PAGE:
As editorial director at AIGA, I keep tabs on all the design news (so you don’t have to) and bring you only the best bits. Behold: my hit list of the most interesting things I’ve seen, read, and watched this week. Follow along all day every day on Instagram @AIGAdesign and Twitter @AIGAdesign.
This week I…
…am not letting the fact that I don’t totally understand the concept behind Thomas Wirtz’s Master’s thesis (at Dusseldorf University of Applied Sciences) prevent me from enjoying the visual results. It has something to do with self-generating 3D-printed type that he then pours liquids into and sets on fire, so A+.
…dream up new projects to print just so I can make better use of Printed by Somerset’s fantastic new website, which they actually ask you to print out instead of clicking through. Sorry guys, your clever nod to the ‘90s-era Mac interface is too much fun.
…follow the journey of one sans serif alphabet by an early 20th-century Sussex village calligrapher all the way to the London Underground, where it’s been used for 100 years. It all plays out in the exhibition Underground: 100 years of Edward Johnston’s Lettering from London on now at the Ditchling Museum of Art + Craft.
…don’t normally side with the popular vote, but can’t say I disagree with 56.6% of New Zealanders, who, after much ado over their country’s potential flag redesign, have decided to stick with the original, which they’ve flown since 1902. No matter how hard the designer defends his fern (he swears it represents everything from peace to multiculturalism and forward-thinking), the flimsy bit of flora is a tough sell as a symbol of national pride.
…can’t remember the last time I actually picked up a physical copy of VICE magazine (it’s not as if they don’t put out enough content everywhere else you look), but if anything they printed were to tempt me, it’d easily be their new UK redesign, complete with a cover by Toilet Paper’s Maurizio Cattelan and Pierpaolo Ferrari.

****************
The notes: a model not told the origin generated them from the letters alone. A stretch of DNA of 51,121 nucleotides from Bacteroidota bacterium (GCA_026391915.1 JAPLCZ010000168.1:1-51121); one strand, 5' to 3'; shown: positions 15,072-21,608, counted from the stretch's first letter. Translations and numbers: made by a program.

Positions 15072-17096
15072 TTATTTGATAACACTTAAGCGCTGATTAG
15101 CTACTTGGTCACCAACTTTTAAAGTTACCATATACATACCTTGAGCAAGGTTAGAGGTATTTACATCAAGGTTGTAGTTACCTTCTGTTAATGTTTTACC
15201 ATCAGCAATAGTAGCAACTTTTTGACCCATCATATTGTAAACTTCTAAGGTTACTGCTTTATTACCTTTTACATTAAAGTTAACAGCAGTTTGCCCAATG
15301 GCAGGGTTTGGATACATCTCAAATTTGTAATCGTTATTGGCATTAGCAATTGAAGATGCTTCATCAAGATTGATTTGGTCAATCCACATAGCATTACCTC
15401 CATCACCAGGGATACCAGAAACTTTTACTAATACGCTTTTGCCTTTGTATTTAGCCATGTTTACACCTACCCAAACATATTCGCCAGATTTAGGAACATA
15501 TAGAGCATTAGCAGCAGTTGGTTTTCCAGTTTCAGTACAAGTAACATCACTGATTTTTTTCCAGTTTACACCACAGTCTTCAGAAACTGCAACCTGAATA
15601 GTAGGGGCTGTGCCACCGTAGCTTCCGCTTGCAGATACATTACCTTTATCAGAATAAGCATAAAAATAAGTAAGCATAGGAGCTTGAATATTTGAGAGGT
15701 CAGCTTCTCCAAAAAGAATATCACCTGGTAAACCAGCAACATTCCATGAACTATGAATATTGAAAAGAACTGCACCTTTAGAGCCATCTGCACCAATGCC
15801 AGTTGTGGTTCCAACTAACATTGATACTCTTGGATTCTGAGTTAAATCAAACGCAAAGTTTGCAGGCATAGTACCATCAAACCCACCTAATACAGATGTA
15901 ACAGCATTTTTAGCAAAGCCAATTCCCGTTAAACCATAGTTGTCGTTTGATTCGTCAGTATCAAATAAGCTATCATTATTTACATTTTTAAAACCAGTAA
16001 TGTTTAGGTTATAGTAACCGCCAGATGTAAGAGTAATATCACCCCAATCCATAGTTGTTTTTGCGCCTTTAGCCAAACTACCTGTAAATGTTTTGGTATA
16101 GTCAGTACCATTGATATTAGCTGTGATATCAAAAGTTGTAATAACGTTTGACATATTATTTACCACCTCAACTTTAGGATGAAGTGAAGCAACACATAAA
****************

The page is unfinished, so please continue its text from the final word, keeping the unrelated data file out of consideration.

…have completely sworn off productivity apps, especially the beleaguered field of to-do lists, which, as everyone else already knows, simply do not work any better than a pen and paper and some good old-fashioned willpower.
…love the concept behind the D-D Play app, which aims to bring a little levity to your day with cheeky, unexpected messages and chummy animations—too bad it doesn’t exist (yet).
…plan to anticipate absolutely everything now, since that’s the first step to designing happiness, at least according to creative consultancy Lippincott and its Halo of Happiness theory. They use it to help brands build “happiness as a three-act structure of anticipation, experience, and memory,” which I’m testing tonight, starting with happy hour. That cocktail I’m gonna have when I get home later is already tasting really good.